This being said, another option could be to make mandatory to spend a week at the University before teaching and coaching to learn the University culture and policy and get acquainted with faculty.
    I will argue this is not true.
    My personal experience:
    I personally taught with Norwich University on-line MBA program for seven years. Norwich is located in Vermont and at that time I was living in Los Angeles. I have never been to Vermont and I always had a wonderful communication with Norwich University faculty and administration.
    All the best,

    • Brooke Shriner

      Yes, in 2016 its strange to think that communication is the reason why colleges want their online instructors to live close. Especially in the distance learning arena where we believe internet and phone communication can yield excellent conversation when done right.

      But, I wouldn’t argue with going to visit a place – that would provide an opportunity for travel that I otherwise wouldn’t get. I went through the orientation process at a college in London once and was tickled to think I might get to visit!

  3. Austin W. Troxell, MSc.

    Last year I applied for an online “Evaluator” position listed on AdjunctWorld at Western Governor’s University. I interviewed extremely well and was at the point of being offered the position when my answer to one question on their final application form got me booted from consideration: ‘If offered this position, do you agree to not teach outside of the United States?’ I answered honestly: “No.” I was in the process of emigrating to South America and was searching for an online teaching opportunity to supplement my family’s income. Why did it matter that I would be conducting an ONLINE class from outside the USA? This should have been disclosed early in the process or even in the posting before I spent considerable time and effort applying, being interviewed, performing sample evaluations, completing numerous forms, etc. WGU never responded to my inquiry as to WHY I had to be a US resident to be one of their ‘Evaluators,’ which is a glorified paper-grader, not an actual teaching position.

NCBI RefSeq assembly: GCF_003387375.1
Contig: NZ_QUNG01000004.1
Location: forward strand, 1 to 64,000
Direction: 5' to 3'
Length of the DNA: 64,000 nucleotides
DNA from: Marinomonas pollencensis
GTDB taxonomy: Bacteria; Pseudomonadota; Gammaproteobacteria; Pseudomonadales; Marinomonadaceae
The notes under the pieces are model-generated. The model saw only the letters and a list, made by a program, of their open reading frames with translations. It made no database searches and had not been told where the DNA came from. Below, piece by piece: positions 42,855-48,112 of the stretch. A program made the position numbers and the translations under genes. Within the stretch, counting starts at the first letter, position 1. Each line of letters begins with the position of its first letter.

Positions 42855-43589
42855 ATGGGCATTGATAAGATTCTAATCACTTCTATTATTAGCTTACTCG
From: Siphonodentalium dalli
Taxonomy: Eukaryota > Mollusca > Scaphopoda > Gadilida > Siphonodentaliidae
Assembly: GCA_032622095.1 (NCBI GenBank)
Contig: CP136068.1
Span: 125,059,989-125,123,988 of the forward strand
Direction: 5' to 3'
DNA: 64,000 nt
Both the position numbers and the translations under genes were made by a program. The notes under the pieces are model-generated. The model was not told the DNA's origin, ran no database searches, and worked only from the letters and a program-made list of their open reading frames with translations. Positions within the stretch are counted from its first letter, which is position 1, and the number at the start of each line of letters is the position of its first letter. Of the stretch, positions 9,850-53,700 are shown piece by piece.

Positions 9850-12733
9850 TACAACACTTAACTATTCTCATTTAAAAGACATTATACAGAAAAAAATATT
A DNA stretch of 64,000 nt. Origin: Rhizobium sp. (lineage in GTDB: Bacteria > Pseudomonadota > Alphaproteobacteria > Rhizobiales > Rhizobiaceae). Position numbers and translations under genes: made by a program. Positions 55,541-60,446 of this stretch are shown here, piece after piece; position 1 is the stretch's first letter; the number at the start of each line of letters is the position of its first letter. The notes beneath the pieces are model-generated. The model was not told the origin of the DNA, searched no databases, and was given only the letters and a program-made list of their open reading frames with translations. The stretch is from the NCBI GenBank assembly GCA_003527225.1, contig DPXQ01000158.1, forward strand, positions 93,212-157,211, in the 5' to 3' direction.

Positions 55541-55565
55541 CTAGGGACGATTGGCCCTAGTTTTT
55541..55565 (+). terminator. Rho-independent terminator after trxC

• Brooke Shriner

      I hear your frustration, Austin. If living in the US is a mandatory part of the job, that should be made clear in the job description before you even begin the application process. And, yes, the notion of having to be somewhere specific to teach online does make me scratch my head a little too. Makes me think that there is a legal, administrative, or accreditation-reason why they have this as a rule not so much an academic or job-related reason.

  4. Guy

    Brooke —

    I am grateful that you asked whether it’s appropriate to post position announcements that are limited by geography.

    My opinion is that you should post geographically-bound positions, indeed!

    It would be helpful to include the limitation in the top section of such announcements, but wise job seekers will still apply for those positions even if they don’t currently reside within those boundaries, as long as they’re interested and qualified.

    In some cases, smart hiring officials will reach out to hire excellent candidates even if they live outside the areas. In the virtual world, those boundaries are in most cases — i.e., except where local laws or regulations forbid the hiring of non-residents — arbitrary and unnecessary.

    On the other hand, if the positions are attractive enough, the interested instructors can always decide to move.


    • Brooke Shriner

      Thanks, Guy! I love your positive attitude! You made me smile from wherever it is you are writing from – which speaks to the impact of non-geographically-bound communication :) And, yes, I’ll continue to post and make sure to highlight the geography requirements early in the job description.